World of Warcraft is only as fun as your character’s level and/or your guild’s ability to organize and raid. There are some truly amazing sights through out the game but until you’re of a certain level you’ll never get to see them. The even larger content needs to be done through raids which need a guild to do. Once, I was lucky enough to raid Molten Core with 39 other people and it was very exciting.

Path of Exile is only as fun as the quality of your build. The game has a staggeringly complex skill tree, while most basic builds can work through the first and second difficulty levels the third one will really test it, and it’s usually where I’m forced to scrap my characters. There are plenty of sample builds on the forums but they too often require unique equipment which is extremely expensive and drop very, very, rarely.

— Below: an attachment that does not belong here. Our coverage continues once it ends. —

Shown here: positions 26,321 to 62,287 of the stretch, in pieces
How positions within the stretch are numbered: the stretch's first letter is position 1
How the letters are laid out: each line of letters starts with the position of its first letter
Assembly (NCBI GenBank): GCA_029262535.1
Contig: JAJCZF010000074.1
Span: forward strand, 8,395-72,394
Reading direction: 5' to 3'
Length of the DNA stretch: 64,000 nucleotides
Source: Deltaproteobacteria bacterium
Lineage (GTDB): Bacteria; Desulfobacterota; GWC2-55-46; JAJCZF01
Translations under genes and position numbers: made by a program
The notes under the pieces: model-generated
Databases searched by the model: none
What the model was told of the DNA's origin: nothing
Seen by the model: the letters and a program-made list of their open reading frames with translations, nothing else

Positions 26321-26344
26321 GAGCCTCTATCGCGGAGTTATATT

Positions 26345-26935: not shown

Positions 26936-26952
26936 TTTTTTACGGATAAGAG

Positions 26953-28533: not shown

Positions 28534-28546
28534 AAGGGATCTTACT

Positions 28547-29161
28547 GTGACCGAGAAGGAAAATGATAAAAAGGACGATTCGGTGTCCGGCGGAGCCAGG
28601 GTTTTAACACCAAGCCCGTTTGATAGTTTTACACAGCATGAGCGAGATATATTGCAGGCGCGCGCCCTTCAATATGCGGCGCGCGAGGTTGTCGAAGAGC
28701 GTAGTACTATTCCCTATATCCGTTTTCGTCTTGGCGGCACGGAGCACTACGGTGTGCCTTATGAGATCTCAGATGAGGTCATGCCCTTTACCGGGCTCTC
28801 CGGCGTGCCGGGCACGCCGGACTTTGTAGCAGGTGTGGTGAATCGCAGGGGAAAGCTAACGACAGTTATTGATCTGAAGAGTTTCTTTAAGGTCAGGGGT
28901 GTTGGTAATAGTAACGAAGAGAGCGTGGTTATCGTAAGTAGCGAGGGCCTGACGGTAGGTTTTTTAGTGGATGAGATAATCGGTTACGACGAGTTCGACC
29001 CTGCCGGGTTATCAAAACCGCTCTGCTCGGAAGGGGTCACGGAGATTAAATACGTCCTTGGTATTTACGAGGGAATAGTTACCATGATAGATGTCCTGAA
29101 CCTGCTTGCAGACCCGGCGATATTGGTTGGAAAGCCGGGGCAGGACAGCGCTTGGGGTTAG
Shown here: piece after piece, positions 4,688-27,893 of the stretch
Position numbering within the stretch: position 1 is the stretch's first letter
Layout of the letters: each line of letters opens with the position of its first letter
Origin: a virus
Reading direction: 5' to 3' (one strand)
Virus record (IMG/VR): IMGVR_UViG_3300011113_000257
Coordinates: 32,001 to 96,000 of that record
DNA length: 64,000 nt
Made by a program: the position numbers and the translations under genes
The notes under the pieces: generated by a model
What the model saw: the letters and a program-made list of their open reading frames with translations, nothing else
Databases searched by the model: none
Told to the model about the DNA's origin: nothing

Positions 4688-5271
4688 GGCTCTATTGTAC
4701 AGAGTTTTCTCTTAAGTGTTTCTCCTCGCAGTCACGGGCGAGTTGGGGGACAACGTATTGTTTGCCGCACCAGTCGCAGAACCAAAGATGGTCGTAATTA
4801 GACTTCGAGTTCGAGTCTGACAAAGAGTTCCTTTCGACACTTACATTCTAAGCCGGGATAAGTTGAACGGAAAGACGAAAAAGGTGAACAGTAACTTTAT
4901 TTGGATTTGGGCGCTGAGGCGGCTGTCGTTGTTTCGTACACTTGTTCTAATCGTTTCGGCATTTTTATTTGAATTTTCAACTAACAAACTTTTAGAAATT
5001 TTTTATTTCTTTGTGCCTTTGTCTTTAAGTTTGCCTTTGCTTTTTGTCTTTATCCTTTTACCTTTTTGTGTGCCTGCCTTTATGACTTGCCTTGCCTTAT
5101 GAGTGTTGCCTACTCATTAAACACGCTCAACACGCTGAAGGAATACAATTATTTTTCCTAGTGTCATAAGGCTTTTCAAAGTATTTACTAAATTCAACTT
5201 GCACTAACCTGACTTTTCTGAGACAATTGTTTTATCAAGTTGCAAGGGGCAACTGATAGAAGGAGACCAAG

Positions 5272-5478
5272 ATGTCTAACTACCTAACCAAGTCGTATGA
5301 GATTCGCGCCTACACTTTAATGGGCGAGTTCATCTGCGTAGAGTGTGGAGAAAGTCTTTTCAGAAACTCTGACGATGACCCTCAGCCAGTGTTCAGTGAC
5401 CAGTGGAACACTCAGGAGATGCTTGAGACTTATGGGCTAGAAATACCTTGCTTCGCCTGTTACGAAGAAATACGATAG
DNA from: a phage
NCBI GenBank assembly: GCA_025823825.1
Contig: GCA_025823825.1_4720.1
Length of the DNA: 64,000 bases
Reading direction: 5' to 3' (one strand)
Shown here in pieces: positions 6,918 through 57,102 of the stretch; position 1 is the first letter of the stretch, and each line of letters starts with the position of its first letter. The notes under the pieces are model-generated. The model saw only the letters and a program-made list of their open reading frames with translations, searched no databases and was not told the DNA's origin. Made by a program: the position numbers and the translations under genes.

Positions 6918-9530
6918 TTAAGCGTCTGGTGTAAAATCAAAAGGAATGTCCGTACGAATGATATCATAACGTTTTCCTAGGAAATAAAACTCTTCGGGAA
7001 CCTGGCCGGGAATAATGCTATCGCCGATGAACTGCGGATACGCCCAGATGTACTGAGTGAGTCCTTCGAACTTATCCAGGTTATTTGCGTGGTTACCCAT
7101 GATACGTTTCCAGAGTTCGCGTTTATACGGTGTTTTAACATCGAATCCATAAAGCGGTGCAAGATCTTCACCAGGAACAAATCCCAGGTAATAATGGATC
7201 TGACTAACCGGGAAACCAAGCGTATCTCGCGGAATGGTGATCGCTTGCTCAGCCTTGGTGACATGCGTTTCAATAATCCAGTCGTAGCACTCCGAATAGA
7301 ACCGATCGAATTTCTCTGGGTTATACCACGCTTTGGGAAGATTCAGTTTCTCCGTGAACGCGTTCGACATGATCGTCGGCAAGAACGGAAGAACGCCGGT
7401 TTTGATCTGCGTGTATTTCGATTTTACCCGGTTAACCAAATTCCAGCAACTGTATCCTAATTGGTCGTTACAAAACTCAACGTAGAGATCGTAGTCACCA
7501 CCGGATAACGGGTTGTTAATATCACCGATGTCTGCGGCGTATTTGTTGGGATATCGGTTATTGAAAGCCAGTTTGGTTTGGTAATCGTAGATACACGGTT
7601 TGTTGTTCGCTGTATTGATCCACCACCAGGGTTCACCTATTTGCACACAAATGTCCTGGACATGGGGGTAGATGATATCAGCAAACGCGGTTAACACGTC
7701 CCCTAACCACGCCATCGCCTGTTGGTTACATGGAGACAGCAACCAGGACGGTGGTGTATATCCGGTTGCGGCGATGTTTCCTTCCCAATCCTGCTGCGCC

Kerbal Space Program is only as fun as the length of your patience and determination to reach other planets or build space stations. With a little experience missions to the Mun and Minmus can become routine. However missions to the Jool and the far outer/inner planets consist of lots of time waiting for comparatively small maneuvers only to get there and find out you don’t have enough fuel to complete the orbital burn or you forgot to deploy the solar panels and you’re out of power. Being honorable, you revert the save to vehicle assembly and redesign your rocket only to go through that whole process again.

Rocket League is only as fun as the mean skill all players compared to your skill individual. If your skill is lower than all other players it can be a bit daunting to have cars of all variety flying around while you drive in circles just trying to get some boost. This does not apply to 4×4 modes, anything can happen there.